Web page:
Capturing Iceland on Film
Iceland is an amazing country to capture on film. The vastness of the landscapes and the awe that can appear in the smallest of details, to be allowed to film with Tröll was an unbelievably rich and valuable experience. I wanted to create a film about my relationship with Iceland, as well as attempt to capture what it meant for me to travel to new places. Iceland is a country of such natural beauty that it positions you almost instantly in awe of everything you see. I was especially keen to attempt to capture that feeling on film.
We started in Reykjavík and decided to capture some of the amazing views from the harbour. One of the most amazing things about Reykjavík is you’re so close to these unbelievable landscapes whilst still being within the heart of the city. The city often acts as the first point of call from Keflavík airport, it is often the first stopping point on visits to Iceland. There is an amazing excitement of being in the city and being able to instantly experience a taste of the magnitude of Iceland’s landscapes before you venture out further into the country. The city has this wonderful feeling of possibility and excitement on top of its rich culture and bustle.
Travelling further out into the country, that sense of scale becomes even more apparent. When developing the film it was one of the most impactful ways to frame the landscape. Often it can be just as fascinating to see our place within the landscape as the landscapes themselves. The almost otherworldly distance that’s created between us as visitors and the towering cliffs and caves surrounding us is so stark, that it’s quite a remarkable thing to behold. Often I feel that one of the most fun things when visiting somewhere new is not just to experience it for yourself but to also place yourself in relation to what you’re seeing. To be humbled by the unfathomable character of the surroundings almost becomes jovial in how stark the contrast can be at times.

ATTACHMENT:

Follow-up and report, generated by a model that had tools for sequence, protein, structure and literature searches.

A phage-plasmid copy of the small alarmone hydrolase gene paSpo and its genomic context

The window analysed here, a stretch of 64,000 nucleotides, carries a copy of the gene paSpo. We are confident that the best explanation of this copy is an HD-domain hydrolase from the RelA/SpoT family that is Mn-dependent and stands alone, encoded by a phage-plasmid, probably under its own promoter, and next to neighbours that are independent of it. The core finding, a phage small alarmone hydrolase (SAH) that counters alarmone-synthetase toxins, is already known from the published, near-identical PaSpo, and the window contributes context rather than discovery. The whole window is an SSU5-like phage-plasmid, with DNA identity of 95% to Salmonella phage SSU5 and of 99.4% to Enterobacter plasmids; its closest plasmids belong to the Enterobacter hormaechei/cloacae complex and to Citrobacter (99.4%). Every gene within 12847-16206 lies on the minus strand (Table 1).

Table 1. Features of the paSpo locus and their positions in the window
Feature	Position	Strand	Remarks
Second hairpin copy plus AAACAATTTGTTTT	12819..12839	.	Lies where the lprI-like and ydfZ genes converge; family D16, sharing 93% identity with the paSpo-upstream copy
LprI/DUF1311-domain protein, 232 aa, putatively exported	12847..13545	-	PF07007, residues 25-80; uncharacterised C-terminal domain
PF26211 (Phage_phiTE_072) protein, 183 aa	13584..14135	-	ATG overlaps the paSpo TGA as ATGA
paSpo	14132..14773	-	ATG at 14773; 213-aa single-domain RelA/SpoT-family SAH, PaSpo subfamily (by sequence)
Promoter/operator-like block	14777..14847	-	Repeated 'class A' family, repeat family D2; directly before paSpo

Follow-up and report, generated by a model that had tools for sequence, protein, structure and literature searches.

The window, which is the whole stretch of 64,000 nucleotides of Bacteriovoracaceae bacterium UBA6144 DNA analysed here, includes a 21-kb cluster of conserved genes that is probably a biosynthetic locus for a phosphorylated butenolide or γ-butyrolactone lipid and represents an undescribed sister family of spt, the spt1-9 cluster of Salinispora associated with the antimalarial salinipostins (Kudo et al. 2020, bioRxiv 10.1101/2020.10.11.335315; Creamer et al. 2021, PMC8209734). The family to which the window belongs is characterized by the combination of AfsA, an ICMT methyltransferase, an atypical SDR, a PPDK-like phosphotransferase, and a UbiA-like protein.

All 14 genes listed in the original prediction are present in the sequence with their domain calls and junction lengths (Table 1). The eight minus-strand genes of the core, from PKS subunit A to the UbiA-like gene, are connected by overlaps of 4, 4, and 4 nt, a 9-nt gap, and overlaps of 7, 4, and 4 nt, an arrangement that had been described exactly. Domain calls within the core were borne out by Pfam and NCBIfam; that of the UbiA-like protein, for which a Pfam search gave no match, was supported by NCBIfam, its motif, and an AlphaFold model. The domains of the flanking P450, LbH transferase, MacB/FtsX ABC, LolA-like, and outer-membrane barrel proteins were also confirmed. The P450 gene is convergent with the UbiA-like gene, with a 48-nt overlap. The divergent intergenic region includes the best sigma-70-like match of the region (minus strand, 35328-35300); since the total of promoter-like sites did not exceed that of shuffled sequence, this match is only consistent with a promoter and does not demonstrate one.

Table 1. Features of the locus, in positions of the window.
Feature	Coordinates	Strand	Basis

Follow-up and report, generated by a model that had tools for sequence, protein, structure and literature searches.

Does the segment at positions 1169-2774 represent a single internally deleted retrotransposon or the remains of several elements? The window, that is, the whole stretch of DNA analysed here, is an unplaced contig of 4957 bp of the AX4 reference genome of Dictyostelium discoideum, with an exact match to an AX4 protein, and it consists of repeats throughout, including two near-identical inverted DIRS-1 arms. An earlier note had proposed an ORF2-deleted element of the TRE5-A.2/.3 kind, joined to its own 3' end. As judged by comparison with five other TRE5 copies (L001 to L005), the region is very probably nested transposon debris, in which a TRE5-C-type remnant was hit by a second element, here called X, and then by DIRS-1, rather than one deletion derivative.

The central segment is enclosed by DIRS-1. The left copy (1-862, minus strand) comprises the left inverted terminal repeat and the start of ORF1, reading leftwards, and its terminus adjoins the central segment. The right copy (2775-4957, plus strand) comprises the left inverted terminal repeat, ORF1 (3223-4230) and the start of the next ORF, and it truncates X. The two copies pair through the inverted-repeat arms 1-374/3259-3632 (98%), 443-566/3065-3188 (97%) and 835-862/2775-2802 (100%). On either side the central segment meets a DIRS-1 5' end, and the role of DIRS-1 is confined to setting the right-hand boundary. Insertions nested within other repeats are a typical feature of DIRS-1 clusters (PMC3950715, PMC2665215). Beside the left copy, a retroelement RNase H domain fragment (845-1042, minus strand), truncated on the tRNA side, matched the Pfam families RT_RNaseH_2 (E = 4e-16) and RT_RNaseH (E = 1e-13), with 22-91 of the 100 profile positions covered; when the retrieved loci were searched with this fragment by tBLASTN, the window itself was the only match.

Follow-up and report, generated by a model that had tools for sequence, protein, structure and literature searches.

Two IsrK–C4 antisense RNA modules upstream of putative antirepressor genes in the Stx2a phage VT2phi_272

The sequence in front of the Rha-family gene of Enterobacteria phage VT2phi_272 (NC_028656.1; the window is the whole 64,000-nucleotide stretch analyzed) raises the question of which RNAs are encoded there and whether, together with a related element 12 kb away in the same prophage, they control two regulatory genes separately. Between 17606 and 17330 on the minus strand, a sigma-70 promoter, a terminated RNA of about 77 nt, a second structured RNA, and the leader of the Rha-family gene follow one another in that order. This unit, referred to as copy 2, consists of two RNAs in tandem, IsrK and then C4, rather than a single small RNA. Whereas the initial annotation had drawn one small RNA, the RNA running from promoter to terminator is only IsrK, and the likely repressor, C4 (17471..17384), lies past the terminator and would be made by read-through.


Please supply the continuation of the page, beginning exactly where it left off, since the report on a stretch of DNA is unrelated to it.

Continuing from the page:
Even in less than ideal conditions, there was still something unbelievably magical about Iceland. The way clouds and fog interacted with the landscape almost gave it this beautifully haunting atmosphere. Even though we couldn’t see as much, the drama surrounding us was even more heightened than we could’ve expected. Everything became very mystical and mystical all of a sudden, it was as if walking into a myth. Combined with how untouched much of the environment is, many moments almost felt as if I had travelled back in time.
Another profound element of Iceland is its sounds. Whether it was the waves crashing on the Black Sand Beach or the rushing water of Gulfoss, the power of sounds was something quite remarkable. The elements of nature were putting on these displays of sheer power as if taunting us, which is something that I will not forget. On top of their sheer scale, the sounds they made seem to live up to their visual spectacle. The roaring and crashing of the water, clicks and reverberations of the ice caves were all so amazing and bizarre, it was wonderful to be able to record them and bring them into the film.
Everything in Iceland whilst being so other is also so profoundly personal. To be humbled by forces at work that you’ve never been exposed to before is something quite extraordinary. The country itself almost feels like it could be the centre of the planet, a rich and dramatic centre for the foundational building blocks upon which the rest of the world has been created. Great mountain rages, the expansive glaciers, the tectonic fault lines, the volcanic activity: they are all elements that seem to combine to create somewhere so rich and mythological that it can deeply inform our experience as human beings. It was a pleasure to attempt to capture this country on film and I feel that Iceland is somewhere everyone should visit at least once in their lives, if not for curiosity sake then for the awe-inspiring consummation of nature itself.
Director of Snowglobe, a film shot in Iceland, Sponsored by Tröll Expeditions.